TOPLINE The Trump administration is facing fresh accusations that it is in violation of the federal ethics law known as the Hatch Act over its use of the White House as a setting for the GOP convention this week, bringing the once-obscure law – and its lack of enforcement – once again to the fore.
- Amid allegations in 1938 that officials in President Franklin Roosevelt’s Works Progress Administration offered agency jobs in exchange for votes in a Kentucky Senate election, lawmakers rushed to codify anti-patronage rules through the Hatch Act, which, in short, aims to ensure that government works for all Americans, not just the politically connected or empowered.
- The act prohibits federal employees – with exceptions for the president and vice president – from performing partisan political tasks while on the job, in a government office or vehicle or while wearing government identification, inducing other government employees to perform partisan activities or promoting government employees for their political affiliations.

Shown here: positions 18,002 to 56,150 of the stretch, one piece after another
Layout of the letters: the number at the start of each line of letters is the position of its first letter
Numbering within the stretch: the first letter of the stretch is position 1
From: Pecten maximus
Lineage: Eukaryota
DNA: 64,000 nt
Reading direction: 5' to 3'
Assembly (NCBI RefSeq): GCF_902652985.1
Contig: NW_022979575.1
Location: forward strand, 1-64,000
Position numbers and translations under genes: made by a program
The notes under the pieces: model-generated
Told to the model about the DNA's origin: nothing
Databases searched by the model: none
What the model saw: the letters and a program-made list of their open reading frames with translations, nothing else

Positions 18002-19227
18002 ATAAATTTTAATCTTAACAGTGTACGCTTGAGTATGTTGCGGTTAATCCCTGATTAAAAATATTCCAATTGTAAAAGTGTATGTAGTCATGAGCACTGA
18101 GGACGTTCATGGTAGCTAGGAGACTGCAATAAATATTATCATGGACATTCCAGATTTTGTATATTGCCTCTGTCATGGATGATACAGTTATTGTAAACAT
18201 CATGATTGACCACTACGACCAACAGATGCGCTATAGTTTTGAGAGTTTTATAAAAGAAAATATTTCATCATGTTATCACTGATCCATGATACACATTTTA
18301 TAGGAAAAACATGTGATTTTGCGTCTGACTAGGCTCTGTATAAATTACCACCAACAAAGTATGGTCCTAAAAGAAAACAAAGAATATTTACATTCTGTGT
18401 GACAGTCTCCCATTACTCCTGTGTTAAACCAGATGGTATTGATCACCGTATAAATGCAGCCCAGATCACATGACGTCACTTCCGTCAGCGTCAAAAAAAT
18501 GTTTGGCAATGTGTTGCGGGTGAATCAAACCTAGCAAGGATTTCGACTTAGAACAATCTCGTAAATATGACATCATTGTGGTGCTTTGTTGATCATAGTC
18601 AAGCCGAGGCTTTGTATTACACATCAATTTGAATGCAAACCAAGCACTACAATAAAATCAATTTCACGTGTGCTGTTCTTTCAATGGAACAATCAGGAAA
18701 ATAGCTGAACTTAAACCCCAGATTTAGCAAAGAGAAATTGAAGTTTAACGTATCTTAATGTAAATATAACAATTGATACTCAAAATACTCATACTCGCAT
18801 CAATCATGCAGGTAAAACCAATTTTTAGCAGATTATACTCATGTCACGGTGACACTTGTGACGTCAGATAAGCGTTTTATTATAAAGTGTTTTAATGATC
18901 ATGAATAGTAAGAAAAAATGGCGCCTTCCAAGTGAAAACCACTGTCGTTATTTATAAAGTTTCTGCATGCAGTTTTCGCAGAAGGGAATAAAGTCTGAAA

- Though every administration has had officials run afoul of ethics laws at some point, Donald Sherman, the deputy director of non-partisan ethics watchdog Citizens for Responsibility and Ethics in Washington (CREW), told Forbes that the Office of Special Counsel (OSC) has found Hatch Act violations by “at least thirteen” Trump administration officials with a dozen open cases, compared to just two violations by Obama officials.
- Trump officials accused of violating the Hatch Act include White House Chief of Staff Mark Meadows and Deputy Chief of Staff Dan Scavino, Vice President Mike Pence’s Chief of Staff Marc Short, adviser Ivanka Trump and senior counselor Kellyanne Conway, who violated the act dozens of times by disparaging Democratic presidential candidates in her official capacity, according to an OSC report which recommended that Trump fire her.